This data is characterized by a series of ten indicator questions that point to the security of land tenure for Indigenous Peoples or communities as established in national laws.
- LEGAL STATUS - Does the law recognize all rights that Indigenous Peoples or communities exercise over their lands as lawful forms of ownership?
- LAND RIGHTS AND COMMON PROPERTY - Does the law give indigenous or community land rights the same level of protection as the rights under other tenure systems?
- FORMAL DOCUMENTATION - Does the law require the government to provide Indigenous Peoples or communities with a formal title and map to their land?
- LEGAL PERSON - Does the law recognize the Indigenous Peoples or community as a legal person for the purposes of land ownership?
- LEGAL AUTHORITY - Does the law recognize the Indigenous Peoples or community as the legal authority over the land?
- PERPETUITY - Do the law and formal title recognize that indigenous or community land rights may be held in perpetuity?
- RIGHT TO CONSENT BEFORE LAND ACQUISITION - Does the law require the consent of Indigenous Peoples or communities before government or an outsider may acquire their land?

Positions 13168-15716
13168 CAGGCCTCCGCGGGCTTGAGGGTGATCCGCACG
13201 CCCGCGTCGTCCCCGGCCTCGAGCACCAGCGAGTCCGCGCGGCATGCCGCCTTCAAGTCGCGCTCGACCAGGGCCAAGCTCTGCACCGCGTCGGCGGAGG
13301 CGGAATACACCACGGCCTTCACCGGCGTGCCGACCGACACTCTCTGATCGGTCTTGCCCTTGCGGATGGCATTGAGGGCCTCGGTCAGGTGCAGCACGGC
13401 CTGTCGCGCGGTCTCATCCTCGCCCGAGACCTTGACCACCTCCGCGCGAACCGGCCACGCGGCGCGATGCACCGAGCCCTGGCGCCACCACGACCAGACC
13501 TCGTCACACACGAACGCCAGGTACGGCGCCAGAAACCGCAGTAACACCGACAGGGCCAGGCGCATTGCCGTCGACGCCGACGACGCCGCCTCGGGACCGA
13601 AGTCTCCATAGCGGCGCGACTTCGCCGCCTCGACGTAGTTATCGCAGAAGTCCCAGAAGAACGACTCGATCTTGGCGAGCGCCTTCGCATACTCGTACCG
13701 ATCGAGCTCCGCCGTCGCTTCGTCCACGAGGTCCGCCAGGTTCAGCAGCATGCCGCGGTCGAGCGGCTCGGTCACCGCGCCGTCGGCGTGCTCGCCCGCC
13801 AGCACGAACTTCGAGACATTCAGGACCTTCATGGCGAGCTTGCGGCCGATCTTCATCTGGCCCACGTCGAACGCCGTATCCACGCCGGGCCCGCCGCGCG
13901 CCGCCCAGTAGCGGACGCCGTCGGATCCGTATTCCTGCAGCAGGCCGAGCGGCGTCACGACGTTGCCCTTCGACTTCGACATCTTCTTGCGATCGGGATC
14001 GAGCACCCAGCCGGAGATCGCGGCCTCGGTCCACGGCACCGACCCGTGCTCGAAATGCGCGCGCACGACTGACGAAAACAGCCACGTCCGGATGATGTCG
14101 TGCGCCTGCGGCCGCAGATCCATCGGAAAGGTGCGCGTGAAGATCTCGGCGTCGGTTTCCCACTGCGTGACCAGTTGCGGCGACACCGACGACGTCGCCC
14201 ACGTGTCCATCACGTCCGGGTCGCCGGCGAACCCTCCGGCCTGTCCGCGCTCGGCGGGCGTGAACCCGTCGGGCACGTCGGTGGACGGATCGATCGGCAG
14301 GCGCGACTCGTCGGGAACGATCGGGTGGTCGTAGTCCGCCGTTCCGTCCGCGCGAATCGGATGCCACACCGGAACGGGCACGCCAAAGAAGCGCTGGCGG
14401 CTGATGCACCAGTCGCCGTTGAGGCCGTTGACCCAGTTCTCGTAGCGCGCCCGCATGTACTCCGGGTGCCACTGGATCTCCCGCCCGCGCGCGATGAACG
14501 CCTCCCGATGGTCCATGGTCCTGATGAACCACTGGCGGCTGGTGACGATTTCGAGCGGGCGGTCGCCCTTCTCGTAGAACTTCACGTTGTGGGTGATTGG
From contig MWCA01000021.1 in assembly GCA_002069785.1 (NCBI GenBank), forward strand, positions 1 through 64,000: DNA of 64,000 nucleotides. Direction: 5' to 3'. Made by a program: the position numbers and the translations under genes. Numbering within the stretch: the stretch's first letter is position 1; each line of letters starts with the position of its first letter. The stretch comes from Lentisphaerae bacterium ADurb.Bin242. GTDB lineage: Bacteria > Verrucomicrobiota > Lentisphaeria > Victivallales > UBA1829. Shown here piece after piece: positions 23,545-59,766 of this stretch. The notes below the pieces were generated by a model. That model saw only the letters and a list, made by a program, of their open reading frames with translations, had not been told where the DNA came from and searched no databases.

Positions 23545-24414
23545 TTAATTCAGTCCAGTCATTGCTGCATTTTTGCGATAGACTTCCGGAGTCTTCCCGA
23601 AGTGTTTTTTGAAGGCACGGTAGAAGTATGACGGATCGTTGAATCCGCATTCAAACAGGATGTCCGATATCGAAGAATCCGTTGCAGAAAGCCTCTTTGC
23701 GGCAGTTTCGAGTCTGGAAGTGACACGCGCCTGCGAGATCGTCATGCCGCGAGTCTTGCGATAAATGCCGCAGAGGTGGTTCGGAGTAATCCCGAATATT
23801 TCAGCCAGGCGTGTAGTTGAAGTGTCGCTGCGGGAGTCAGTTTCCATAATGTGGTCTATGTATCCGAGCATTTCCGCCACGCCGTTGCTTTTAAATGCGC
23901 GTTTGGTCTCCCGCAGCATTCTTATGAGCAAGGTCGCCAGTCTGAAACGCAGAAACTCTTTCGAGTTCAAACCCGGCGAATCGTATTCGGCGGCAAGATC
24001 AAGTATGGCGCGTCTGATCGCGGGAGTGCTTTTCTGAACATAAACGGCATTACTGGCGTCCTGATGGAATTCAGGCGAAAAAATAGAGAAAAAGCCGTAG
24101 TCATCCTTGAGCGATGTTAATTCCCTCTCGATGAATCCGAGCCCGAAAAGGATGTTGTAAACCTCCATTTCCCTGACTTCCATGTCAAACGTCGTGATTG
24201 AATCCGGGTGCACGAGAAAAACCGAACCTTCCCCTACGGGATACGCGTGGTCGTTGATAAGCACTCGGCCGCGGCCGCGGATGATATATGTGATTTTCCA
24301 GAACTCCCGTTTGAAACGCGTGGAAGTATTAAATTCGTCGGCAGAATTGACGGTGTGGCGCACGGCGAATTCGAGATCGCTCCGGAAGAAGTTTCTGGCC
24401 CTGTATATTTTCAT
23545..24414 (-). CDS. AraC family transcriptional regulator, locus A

- RIGHTS TO TREES - Does the law explicitly recognize that indigenous or community land rights include the rights to all trees on the land?
- RIGHTS TO WATER - Does the law explicitly recognize that indigenous or community land rights include the rights to local water sources on the land?
- LAND RIGHTS IN PROTECTED AREAS - Does the law uphold indigenous or community land rights in the ownership and governance of national parks and other protected areas?
The assessment of each indicator is based on a review of relevant national laws, including the constitution, statutes, regulations, and high court cases, to the extent they are available.
Each indicator is assigned a score of 1, 2, 3, 4, Not applicable (N/A), or No data (ND). The scoring of indicators is based exclusively on express legal provisions.
- 1 -> Yes, the law addresses the issue fully. The legal framework clearly or expressly meets the issue addressed in the indicator.
- 2 -> Partial, the law makes significant progress towards addressing the issue. The legal framework makes significant progress towards, but does not entirely meet the issue addressed in the indicator.
- 3 -> Partial, the law makes only limited progress towards addressing the issue. The legal framework addresses the indicator, but insignificantly.
- 4 -> No, the law does not address the issue. There are no attempts in the law to meet the issue addressed in the indicator.
- N/A -> The indicator is not applicable. Not applicable is used in cases where the subject matter in question is non-existent.
- ND -> Not enough data to score or not evaluated. No data applies when the country and/or indicator has not been evaluated or there is a lack of sufficient information.
The average score for the ten indicators of the legal security of indigenous and community lands is also provided.
For more information please visit: http://www.landmarkmap.org/data/.
The dataset can be visualised on a free on-line mapping tool produced by the original data provider: http://www.landmarkmap.org/map.